CANBERRA -- A young Sydney woman has told federal politicians of the distress experienced by the LGBTQ community during the controversial postal survey on same sex marriage, detailing how she and friends have been left upset, in tears and in fear of abuse on the street.
Lara Boyle spoke at the Mind The Facts event held by several leading mental health organisations at Parliament House on Wednesday. The CEOs of Black Dog Institute, Headspace, ReachOut, Brain and Mind Centre at University of Sydney and Orygen's National Centre of Excellence in Youth Mental Health united in support of marriage equality, as well as launching their campaign to show the negative effects of discrimination on the LGBTQ community.
Boyle spoke at the event alongside federal politicians Terri Butler and Dean Smith, and representatives from the mental health bodies. She told the audience she had come out in 2009, but that even after all this time, the atmosphere around the postal survey had left her rattled and upset.
"I have spent years constantly self-monitoring and adjusting my thoughts and behaviours for fear of acting the wrong way or being the subject of criticism or abuse. It's an experience none of my straight friends have had to share," she told the room.
LGBTQ people are between three and fourteen times more likely to commit suicide than heterosexual Australians, one in six young LGBTQ people have attempted suicide, and one in three have self harmed. Several Australian medical bodies have supported marriage equality on mental health grounds and warned of the negative effects associated with the postal survey, while mental health organisations have experienced upticks in demand for services due to the ongoing debate, as well as claiming up to 3,000 high school suicide attempts a year could be averted by a 'yes vote'.
Boyle detailed how she had previously experienced depression, anxiety and suicidal thoughts in her life, and had come close to taking her life. She told HuffPost Australia that the debate around marriage equality had seen other members of the LGBTQ community similarly upset.
"It's alarmed a lot of us, myself included, who are quite confortable in their sexuality and very proud. The scale of it has affected us emotionally, my friends have been breaking down in tears at the smallest things, then there's the blatant homophobia and slurs you hear on the streets or in public," she said.
"It's bringing up memories from when I was a young teen and really struggling with my identity, making me re-evaluate it after a number of years being so comfortable with it and feeling safe. The platform this negative rhetoric has at the moment is astronomical, all these false claims being thrown around now are hard to hear."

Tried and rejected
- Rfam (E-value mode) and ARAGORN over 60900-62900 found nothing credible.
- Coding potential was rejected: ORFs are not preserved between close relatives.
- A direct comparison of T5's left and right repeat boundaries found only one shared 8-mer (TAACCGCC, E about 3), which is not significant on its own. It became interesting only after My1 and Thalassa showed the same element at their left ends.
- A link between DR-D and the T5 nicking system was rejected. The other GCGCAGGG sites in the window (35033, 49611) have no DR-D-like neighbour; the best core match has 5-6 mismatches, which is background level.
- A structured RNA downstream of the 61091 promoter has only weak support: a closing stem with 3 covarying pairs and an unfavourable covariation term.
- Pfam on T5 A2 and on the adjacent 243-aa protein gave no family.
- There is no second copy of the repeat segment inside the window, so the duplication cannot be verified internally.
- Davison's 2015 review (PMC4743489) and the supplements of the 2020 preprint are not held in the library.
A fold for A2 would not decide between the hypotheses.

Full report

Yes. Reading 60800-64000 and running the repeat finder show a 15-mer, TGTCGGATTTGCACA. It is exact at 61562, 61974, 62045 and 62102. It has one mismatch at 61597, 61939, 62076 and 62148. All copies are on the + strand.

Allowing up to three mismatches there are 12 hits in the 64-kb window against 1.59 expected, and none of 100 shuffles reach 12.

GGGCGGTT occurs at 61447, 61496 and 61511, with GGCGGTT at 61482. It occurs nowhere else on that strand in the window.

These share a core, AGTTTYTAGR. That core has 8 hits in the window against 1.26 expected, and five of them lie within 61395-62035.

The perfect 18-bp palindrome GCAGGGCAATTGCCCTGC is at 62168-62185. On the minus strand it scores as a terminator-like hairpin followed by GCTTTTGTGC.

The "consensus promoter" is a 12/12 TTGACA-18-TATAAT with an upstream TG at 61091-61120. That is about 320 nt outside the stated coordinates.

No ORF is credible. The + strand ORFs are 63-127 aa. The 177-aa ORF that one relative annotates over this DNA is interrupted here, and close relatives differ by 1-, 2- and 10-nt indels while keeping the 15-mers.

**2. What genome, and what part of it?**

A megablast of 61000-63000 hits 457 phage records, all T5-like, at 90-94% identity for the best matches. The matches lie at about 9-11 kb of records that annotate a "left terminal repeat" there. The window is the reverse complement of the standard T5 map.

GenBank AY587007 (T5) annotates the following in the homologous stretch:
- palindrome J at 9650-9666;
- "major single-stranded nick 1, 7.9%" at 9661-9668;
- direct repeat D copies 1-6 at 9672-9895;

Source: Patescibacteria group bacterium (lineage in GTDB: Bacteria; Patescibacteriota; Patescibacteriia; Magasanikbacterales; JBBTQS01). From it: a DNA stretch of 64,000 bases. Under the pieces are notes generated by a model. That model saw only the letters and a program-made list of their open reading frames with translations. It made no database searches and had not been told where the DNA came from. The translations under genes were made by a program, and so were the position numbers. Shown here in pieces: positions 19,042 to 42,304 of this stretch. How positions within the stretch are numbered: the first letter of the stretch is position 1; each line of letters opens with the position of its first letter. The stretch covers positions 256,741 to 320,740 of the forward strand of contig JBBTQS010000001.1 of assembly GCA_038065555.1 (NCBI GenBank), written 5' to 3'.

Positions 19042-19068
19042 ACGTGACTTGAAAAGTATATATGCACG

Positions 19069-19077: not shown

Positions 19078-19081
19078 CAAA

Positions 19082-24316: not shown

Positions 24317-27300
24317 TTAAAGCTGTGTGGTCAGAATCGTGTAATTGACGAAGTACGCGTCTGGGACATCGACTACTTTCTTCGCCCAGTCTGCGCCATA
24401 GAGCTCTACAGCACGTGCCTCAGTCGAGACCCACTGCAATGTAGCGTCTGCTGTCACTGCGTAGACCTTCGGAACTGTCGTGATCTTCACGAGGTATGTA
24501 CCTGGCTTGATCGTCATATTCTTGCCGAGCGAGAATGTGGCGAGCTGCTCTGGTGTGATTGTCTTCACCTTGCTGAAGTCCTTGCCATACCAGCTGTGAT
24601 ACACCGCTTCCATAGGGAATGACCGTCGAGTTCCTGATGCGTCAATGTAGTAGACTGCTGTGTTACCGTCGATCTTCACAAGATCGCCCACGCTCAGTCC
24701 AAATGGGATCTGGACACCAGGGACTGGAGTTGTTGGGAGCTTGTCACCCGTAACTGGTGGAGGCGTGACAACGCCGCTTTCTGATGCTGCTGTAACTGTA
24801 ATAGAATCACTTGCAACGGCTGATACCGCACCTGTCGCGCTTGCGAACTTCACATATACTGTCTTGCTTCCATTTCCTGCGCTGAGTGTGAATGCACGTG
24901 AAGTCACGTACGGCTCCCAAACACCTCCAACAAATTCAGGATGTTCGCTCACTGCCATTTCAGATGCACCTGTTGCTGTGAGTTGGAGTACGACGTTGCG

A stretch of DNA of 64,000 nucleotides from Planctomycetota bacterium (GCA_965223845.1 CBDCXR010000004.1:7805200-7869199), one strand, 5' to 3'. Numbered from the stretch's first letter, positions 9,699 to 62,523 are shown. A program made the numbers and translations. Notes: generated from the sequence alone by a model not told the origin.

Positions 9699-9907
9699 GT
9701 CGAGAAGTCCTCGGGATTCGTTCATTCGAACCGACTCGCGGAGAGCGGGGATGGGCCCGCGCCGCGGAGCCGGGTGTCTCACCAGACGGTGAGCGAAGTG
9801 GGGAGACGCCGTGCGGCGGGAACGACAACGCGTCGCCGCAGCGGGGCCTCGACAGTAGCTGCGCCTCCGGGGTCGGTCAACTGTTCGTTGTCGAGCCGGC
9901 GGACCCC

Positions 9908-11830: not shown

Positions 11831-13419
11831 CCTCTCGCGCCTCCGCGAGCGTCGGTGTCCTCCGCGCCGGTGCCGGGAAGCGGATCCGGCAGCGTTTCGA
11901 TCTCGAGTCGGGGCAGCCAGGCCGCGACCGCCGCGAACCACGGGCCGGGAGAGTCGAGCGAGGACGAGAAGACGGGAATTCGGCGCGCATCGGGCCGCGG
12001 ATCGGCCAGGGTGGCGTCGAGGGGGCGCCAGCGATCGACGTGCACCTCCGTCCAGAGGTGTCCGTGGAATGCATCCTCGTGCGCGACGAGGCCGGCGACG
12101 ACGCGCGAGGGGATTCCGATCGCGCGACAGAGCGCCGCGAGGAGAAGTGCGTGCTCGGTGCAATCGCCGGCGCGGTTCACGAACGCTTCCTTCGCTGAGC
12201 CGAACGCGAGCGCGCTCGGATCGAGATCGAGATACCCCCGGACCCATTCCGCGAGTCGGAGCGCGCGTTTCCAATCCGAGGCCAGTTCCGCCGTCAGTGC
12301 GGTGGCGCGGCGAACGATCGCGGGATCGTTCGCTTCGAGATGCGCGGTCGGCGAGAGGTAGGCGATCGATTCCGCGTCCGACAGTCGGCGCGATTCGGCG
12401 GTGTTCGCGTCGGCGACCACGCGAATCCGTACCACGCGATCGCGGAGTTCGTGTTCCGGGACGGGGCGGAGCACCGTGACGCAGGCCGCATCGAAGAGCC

"This discrimination is real and it's having an impact on people."
Boyle said the scale of ill will experienced by LGBTQ people had forced her and her friends to adjust their behaviour in public.
"I'm really lucky to not have been overtly discriminated against in my life but it's more the drain of the day-to-day stuff, having to check yourself and your behaviour and how you interact with people, whether the way you present your authentic stuff is going to come across the wrong way or might cause friction," she said.
"It's this constant in the back of your mind, that straight people never experience. It's small things like not holding your partners' hands in parts of Sydney, because people feel they've got the space to call homophobic slurs or attack you as a person. Walking down the street and hearing people talk about you is really hard, it's our rights. Hearing people, who it obviously wont impact, talk about our rights is really hard to take."
Conversely, though, Boyle said the process had highlighted the majority broad support for marriage equality and the LGBTQ community. She cited the prevalence of huge public rallies, supportive street posters and popular rainbow badges as encouraging signs.
"Seeing the overwhelming response from friends, family, members of the public supporting the Yes vote is amazing when there's so much hatred flying around. [Opponents] are a minority but they're a loud minority," she said.
"It's positive and empowering, so incredible to draw on that strength. The rallying of the community for a cause that doesn't affect all of them is fantastic."
Boyle said the mental health organisations represented at the Mind The Facts event were "incredibly important" for the LGBTQ community, and encouraged anyone experiencing difficulties or hard times to reach out.
"If you're not out yet, or not comfortable talking with family or friends or your support network, you've got these organisations of professionals who can help you out," she said.
"They have the experience and knowledge to help you out, they're a third party that can be impartial to whatever it is you're going through. It's invaluable, the resources they're offering."